3. Role of the application?

The SGML standard, from which XML and XLL are derived, defines the existence of an application. The application uses the markup engine, the style and semantic engine and the linking engine together to present the document to the user, or to create a representation of the document for a printer or for whatever purpose. It is the application that drives the processing, understanding the use to which the information is to be put and using the information from the other components whose operation is defined by international standards. The behaviour of the application, on the other hand, is not prescribed by a standard, but determined by the programmer or system integrator. For any information environment, the question can be posed: where is the application? Alternatively, what part of the overall system understands the overall information architecture?

An open hypermedia environment provides hypermedia facilities not to a single hypertext viewer, but as a set of services that can be used by any third party viewer, so that all the desktop applications become hypertext-enabled. Consequently, the semantics of the data contained in the documents is ignored. The viewer presents the information, but the OHS is concerned only with links: the positioning of their anchors (attached to real positions in the data) is interpreted by the viewers. The semantics of the links, on the other hand, are not understood by the viewers but are held privately by the OHS. Data handling and link handling are two (largely) independent activities, and the author of an information application must work with both of these systems to produce an integrated result.

The World Wide Web consists of a collection of data servers and client browsers. The majority data format on the WWW is HTML, whose semantics are published by the W3C and incorporated into every WWW browser. The link semantics are defined as a part of the data semantics, and understood and implemented (fairly) uniformly by each browser. There is no controlling information application in the WWW: there are only viewers and data servers. There is no application to understand that a table-of-contents link could be used to generate a high-level summary of the data as it is delivered in a set of entities. Instead this feature could be emulated by a CGI script (i.e., a dedicated process located on a WWW server) or by a viewer's assistant (i.e., a dedicated process located on the local machine).

The brave new WWW is composed of XML documents. It is the SGML world's standardised document representations and standardised specifications of non-standardised document semantics together with the WWW world's distributed client-server framework. The complication is that the standardised document semantics do not include behaviour semantics for links. This part is still very much application dependent, but in the WWW there is no defining application!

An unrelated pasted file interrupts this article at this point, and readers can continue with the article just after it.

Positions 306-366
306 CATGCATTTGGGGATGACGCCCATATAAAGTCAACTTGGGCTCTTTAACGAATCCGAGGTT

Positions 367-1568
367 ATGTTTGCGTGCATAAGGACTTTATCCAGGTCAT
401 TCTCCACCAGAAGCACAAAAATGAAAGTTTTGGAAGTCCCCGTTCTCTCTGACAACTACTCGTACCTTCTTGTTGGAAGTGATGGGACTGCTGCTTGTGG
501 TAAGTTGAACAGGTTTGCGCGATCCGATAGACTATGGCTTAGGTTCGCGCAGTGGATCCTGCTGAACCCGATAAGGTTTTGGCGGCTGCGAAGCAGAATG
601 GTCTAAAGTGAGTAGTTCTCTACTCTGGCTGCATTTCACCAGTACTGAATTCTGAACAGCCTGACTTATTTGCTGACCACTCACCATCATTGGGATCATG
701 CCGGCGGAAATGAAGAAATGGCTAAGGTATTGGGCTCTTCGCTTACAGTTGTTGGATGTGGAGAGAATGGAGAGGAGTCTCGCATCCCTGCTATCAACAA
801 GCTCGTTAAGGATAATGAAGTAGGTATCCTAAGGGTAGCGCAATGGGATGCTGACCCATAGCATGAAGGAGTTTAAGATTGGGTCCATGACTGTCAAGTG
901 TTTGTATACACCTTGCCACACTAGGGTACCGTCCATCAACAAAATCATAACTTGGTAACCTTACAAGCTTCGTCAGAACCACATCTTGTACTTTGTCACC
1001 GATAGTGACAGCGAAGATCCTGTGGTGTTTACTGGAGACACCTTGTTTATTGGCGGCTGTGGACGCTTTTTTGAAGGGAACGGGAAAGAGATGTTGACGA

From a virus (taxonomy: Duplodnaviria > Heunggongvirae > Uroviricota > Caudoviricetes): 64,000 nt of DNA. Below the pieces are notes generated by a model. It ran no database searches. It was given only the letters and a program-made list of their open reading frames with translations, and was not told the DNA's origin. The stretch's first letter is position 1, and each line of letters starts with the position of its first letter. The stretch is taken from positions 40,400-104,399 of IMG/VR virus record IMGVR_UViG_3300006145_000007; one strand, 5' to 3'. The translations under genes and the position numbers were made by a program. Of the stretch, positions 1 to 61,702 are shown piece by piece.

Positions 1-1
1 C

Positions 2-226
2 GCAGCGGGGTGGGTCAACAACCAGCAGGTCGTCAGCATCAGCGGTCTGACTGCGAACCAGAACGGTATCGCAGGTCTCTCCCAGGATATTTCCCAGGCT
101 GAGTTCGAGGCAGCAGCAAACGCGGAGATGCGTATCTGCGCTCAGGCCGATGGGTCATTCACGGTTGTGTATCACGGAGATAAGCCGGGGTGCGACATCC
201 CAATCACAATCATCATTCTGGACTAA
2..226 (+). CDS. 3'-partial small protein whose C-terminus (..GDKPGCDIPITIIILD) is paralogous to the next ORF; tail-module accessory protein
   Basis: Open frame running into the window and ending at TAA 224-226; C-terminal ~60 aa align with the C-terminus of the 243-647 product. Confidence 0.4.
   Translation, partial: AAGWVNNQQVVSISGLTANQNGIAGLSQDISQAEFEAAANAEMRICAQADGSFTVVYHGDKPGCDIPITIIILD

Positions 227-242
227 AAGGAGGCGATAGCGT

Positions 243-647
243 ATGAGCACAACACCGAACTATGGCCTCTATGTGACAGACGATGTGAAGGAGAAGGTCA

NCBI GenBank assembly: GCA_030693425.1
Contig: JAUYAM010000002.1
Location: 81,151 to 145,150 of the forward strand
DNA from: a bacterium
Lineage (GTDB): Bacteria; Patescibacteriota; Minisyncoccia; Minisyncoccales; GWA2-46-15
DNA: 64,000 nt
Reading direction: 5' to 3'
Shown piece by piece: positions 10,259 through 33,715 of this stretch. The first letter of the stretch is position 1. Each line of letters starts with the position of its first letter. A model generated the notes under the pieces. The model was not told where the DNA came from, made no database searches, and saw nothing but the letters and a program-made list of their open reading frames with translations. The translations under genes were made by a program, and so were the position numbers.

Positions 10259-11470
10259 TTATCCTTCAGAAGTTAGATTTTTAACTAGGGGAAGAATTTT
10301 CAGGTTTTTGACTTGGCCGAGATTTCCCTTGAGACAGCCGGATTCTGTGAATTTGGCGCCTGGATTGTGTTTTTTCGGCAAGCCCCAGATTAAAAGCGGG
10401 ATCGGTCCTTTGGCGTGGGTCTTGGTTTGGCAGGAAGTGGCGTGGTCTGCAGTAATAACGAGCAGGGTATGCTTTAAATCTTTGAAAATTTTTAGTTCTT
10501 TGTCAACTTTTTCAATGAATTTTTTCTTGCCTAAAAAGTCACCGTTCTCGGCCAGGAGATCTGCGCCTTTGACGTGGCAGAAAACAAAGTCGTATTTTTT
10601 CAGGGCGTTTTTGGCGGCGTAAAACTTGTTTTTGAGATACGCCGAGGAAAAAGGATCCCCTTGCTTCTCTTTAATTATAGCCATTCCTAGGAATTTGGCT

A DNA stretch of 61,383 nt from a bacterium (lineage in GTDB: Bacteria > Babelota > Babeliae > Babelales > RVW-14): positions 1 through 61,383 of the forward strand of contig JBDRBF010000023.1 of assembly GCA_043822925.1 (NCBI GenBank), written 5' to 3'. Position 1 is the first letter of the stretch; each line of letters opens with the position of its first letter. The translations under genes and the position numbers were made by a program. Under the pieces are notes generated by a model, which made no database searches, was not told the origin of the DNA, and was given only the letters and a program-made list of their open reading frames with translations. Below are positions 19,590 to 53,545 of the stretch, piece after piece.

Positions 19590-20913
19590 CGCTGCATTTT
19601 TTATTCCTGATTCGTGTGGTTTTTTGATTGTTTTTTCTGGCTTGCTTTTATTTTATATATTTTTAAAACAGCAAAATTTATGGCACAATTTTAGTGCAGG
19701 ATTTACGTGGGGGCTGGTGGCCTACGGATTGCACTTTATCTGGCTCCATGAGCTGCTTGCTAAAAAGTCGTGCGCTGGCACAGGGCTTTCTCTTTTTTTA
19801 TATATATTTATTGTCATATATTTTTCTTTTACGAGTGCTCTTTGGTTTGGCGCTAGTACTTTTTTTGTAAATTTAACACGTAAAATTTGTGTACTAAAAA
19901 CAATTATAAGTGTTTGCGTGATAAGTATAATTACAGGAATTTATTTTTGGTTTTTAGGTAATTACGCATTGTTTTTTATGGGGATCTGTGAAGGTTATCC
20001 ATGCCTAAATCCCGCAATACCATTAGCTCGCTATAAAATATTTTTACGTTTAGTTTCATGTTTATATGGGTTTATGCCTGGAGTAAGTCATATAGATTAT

One solution is to create applications: specific programs that manipulate specific information architectures (DTDs) in specific ways with specific behaviours. But it is more likely that general browsing applications are the order of the day, and so sophisticated ways of processing links must be made available to mirror the sophisticated methods of processing document contents using XSL. The application is likely to become scattered among various components: the general document browser, the DTD, the style sheets and the scripts. The information architecture that the author uses is likely to be partly defined by an external agency (standards group, user community, publishing company) and partly defined by personal modifications. The specifications of the semantics of the document data therefore are likely to be amalgamated from many sources spread across the WWW perhaps even more widely than the data inside the documents themselves.


[1] Adler, S., Berglund, A., Clark, J., Cseri, I., Grosso, P., Marsh, J., Nicol, G., Paoli, J., Schach, D., Thompson H.S., and Wilson C., A proposal for Extensible Style Language (XSL), Note, World Wide Web Consortium, MIT, 545 Technology Square, Cambridge, MA, 1997,

[2] Bray, T. and De Rose, S., Extensible Markup Language (XML): Part 2. Linking, W3C Working Draft July-31-97, 1997,

[3] Carr, L., De Roure, D., Hall W., and Hill G., The distributed link service: a tool for publishers, authors and readers, The Web Journal, 1(1): 647–656, 1995, O'Reilly and Associates.